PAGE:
By placing Ms. Watson between the cleaning tools and in front of a blurry backwards flag, Gordon Parks used his camera to shed light on the inherent suffering and second-class citizenship of African-Americans. He touched upon a lifestyle accepted by blacks at that time as all they could do, and by whites at that time as what miseducation taught as “justice for all.” For my final example about the inherent miseducation of the American masses, I’d like to recollect a scene viewed in class from Spike Lee’s movie “School Daze” which provided a much more recent (1980s) visualization on the influence of white miseducation on African American females. In this dramatically staged scene of dueling groups of young collegiate women arguing over who has “better hair”, I believe that Spike Lee sought out to portray a much deeper point than simple vanity. With the girls with supposedly “good” hair sporting gray sweatshirts with giant “W”‘s on them and having long and carefully styled and colored heads of hair, he attempted to show how the white influence has miseducated these girls into thinking that these looks (inherently stemming from the styling used by white females) are to be considered “better” than their counterparts with the “naturally” styled or “kinky” African American hair. This bold statement by these women in turn prompts the other rival group of girls to poke fun at these girls as white “wanna-be’s” who should want to show the natural beauty of their hair without extensions, styling products, or artificial color.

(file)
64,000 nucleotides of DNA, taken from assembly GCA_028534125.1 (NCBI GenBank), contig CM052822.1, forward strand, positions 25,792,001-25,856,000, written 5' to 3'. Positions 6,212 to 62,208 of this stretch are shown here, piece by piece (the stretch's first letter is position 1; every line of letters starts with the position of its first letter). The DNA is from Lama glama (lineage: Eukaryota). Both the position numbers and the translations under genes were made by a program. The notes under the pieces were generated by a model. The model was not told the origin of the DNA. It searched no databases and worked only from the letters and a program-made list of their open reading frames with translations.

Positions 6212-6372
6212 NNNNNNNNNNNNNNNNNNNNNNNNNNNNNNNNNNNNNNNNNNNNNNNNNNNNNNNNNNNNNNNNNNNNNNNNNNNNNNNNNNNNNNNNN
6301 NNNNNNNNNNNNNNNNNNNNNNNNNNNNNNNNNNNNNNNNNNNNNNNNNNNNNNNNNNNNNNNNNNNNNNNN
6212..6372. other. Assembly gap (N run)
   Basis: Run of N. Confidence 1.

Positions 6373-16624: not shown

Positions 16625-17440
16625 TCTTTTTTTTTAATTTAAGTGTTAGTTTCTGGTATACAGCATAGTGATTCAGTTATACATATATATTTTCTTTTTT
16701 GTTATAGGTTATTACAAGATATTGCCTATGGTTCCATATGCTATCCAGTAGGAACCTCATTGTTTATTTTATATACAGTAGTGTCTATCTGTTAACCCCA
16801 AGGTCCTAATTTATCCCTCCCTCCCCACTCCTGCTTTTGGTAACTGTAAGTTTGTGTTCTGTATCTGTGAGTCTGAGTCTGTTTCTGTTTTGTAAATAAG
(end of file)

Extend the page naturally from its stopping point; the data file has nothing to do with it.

The scene basically pits one racial stereotype of “better” or “best” hair and style onto another as these collegiate women sing back and forth “Go on and stare, see if I care, good or bad hair!”, and argue over the separatism of black and white influence on hair on African-American women. While no clear cut “winner” emerges from Spike Lee’s theatrics, the point is made that a white over-influence does indeed exist in the judging of “beauty” in the African American women in this movie. They are to view white style as the “better” style, and that in turn serves as the unnecessary basis for all of their styling comparisons. All in all, each of these African American artists brilliantly depict that fact that “miseducation” cannot be looked upon as any one race’s problem, nor can it only be one race’s explanation. Rather, the misunderstandings and stereotypical actions by or against African Americans by white Americans must be thoroughly examined from both sides as they are equally deep-rooted among each group.
In addition, I personally feel that with more and more of these investigations of the miseducation of the races can lead to a better understanding of each. It is not just the fact of the acknowledging the existence of miseducation that will help people to understand African Americans better and more realistically. It is up to both whites and blacks alike to make conscious efforts to ignore stereotypes and seek only truths in answering questions about the races. If the problem of miseducation is not properly addressed equally by all sides, the problem can never be fully understood or solved. Miseducation benefits no one.
It harms all involved by spreading unsubstantiated opinions for norms or forcing actions based upon fear and ill will. Truth is hidden, and innocent people get hurt or mislead in the process. It is up to today’s younger generations of American citizens to wake up, realize the vast racial miseducation that currently exists, and start treating others with the dignity and respect earned automatically in their being born human beings. American History.